June 29, 2010 ~ Off The Hour

On this edition of Off The Hour, we continue our coverage of the G8 and G20 meetings in Toronto, and the police violence encountered there by protestors:

-Groundwire presents headlines from Toronto’s Alternative Media Centre
-Sharmeen Khan, spokesperson for the Toronto Community Mobilization Network discusses the events with CKUT’s Gretchen King
-Journalist and author Naomi Klein speaks at a rally in Toronto
-Niko Block, of CKUT and the McGill Daily, reports back about police brutality in Toronto

Audio:

You can download the show here!

Off The Hour ~ June 25, 2010 ~ Radio Liberation

On this edition of Off The Hour: Radio Liberation, hosted by Kader Belaouni.

This broadcasts features updates on the G20 and G8 summits that are now unfolding in Toronto and Huntsville, Ontario.

Kader speaks to CKUT’s Aaron Lakoff and Cathy Inouye, who provide first-hand accounts of the protests against the G8, straight from the streets of Toronto.

This program also features an interview by CKUT’s Natalia Evdokimova with Dan Kellar, an activist who describes police harassment against those who have gathered in Toronto to oppose these summits of the international power elite.

Streaming audio:

Audio for download here!

Radio Liberation is a special monthly edition of Off The Hour, hosted by Abdelkader Belaouni (“Kader” to his friends).

Kader is a refugee from Algeria. Resisting deportation by Canadian authorities, he spent three years, nine months and twenty-two days in sanctuary at Montreal’s St. Gabriel Church. It was then that he began broadcasting on CKUT’s Off The Hour.

Today, having won his struggle for status in Canada, he continues to work with CKUT’s Community News Collective with Radio Liberation.

Audio hosted by www.archive.org.

Off The Hour, Thursday June 24, 2010 – Radio Resistance

Chris Scott and Steve Duvalsin continue to broadcast dissenting voices from Haiti and the diaspora with their monthly show, entitled Radio Resistance.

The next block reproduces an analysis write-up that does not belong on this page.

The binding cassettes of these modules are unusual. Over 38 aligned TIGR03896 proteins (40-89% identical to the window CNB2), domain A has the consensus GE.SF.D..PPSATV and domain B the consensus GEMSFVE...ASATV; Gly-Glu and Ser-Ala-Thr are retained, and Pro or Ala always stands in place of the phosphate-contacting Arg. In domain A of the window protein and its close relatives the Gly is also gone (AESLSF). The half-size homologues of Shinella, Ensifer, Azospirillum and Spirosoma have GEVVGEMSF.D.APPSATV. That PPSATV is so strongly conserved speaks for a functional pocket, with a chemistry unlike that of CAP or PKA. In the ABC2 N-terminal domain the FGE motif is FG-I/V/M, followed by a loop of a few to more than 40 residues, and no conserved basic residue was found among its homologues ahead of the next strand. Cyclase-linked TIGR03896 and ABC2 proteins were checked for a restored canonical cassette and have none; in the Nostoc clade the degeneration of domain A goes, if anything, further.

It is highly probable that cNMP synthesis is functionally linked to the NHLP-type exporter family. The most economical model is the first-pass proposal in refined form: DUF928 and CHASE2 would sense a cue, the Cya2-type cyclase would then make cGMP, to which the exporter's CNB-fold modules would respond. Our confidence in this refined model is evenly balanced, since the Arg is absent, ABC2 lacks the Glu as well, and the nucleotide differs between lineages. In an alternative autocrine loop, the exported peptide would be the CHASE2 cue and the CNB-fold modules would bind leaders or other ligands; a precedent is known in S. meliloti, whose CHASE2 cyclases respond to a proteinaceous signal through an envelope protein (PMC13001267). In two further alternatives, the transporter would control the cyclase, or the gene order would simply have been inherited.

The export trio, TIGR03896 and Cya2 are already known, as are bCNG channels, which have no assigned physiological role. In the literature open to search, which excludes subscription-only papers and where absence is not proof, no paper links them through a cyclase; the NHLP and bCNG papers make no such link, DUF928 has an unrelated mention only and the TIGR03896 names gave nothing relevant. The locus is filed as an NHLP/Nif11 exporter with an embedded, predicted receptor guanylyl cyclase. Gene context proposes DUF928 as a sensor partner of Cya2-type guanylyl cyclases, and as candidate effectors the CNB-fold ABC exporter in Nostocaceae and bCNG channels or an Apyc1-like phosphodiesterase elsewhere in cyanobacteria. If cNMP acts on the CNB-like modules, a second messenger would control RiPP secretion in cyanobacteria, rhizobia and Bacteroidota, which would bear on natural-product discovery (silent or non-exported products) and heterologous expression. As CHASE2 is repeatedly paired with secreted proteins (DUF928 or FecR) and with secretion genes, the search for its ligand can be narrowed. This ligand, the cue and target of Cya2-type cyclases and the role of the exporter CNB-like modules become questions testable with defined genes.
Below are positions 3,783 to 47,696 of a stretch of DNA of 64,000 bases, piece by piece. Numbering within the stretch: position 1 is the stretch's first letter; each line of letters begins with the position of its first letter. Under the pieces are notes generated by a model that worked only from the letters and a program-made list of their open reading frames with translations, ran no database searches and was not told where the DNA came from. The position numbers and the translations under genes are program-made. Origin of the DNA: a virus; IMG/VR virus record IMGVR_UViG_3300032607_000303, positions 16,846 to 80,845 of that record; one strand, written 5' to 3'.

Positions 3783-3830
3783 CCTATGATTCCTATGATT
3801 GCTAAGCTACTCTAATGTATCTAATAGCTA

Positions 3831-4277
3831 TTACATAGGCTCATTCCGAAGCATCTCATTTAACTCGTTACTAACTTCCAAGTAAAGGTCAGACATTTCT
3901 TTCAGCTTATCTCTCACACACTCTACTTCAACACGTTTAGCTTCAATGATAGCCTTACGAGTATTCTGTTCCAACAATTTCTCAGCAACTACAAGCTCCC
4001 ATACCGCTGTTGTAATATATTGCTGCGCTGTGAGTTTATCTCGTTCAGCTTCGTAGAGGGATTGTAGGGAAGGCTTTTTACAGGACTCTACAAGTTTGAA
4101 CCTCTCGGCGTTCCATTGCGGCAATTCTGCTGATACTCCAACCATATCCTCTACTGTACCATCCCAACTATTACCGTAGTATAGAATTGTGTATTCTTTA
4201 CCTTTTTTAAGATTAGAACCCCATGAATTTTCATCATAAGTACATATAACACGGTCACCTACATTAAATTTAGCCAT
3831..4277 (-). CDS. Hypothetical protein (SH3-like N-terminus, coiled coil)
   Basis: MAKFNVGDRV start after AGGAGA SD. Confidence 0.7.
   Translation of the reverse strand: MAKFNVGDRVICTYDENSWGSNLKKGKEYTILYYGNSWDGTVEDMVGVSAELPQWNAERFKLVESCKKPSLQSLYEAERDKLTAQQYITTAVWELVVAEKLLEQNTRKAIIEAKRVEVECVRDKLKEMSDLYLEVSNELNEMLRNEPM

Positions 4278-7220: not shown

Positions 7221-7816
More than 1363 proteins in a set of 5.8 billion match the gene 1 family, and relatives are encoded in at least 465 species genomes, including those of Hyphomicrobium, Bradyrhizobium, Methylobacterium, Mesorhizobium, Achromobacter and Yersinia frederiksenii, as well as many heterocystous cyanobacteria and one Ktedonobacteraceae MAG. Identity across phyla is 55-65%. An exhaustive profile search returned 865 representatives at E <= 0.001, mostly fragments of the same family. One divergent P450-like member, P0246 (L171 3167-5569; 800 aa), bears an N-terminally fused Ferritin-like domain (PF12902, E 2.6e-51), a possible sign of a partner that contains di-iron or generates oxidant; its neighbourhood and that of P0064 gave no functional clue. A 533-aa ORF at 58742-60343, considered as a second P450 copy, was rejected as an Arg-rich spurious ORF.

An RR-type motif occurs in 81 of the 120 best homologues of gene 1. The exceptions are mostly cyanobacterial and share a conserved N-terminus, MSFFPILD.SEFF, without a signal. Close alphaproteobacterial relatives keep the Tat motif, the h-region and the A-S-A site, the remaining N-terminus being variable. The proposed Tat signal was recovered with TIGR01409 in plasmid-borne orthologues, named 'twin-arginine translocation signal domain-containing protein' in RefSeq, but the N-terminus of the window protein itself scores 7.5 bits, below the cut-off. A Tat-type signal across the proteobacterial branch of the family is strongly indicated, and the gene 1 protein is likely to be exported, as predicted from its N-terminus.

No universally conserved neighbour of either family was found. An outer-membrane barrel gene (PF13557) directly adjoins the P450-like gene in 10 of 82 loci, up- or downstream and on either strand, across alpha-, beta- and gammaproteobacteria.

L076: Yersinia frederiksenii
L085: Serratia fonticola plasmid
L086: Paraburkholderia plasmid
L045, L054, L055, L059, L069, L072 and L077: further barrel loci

Streaming audio:

Audio for download (right click here)

On this edition: In the brutal aftermath of the earthquake that rocked Port-au-Prince in January, observers are saying that Haiti is in the midst of a summer of discontent, with demonstrators calling for the resignation of president René Préval. For more, we hear from independent journalist Ansel Herz, who is based in Haiti.

Then we hear from Daphney Laraque, from the Mouvement pour le repect des droits humain, on how mineral and agricultural corporations are profiting from catastrophe in Haiti.

This program is a part of Off The Hour, CKUT’s flagship community news program.

We Don’t Need No Don – Organized crime & politics in Jamaica


‘We Don’t Need No Don’ – Organized crime and politics in Jamaica

Audio MP3 (25:30, 128kpbs, stereo)

On Sunday, May 23rd, 2010, Jamaican Prime Minister Bruce Golding declared a state of emergency over the Jamaican capital Kingston. The following week, a four-day offensive by the Jamaican State’s armed forces left 73 dead, a number many fear could be significantly higher. The violence predominantly occured in the Kingston neigbourhoods of Denham Town and Tivoli Gardens.

What had caused this desperate situation? Som say, that the roots of the problem can be traced back to the United States’ extradition request for Christopher ‘Dudus’ Coke, made to Jamaica in September 2009.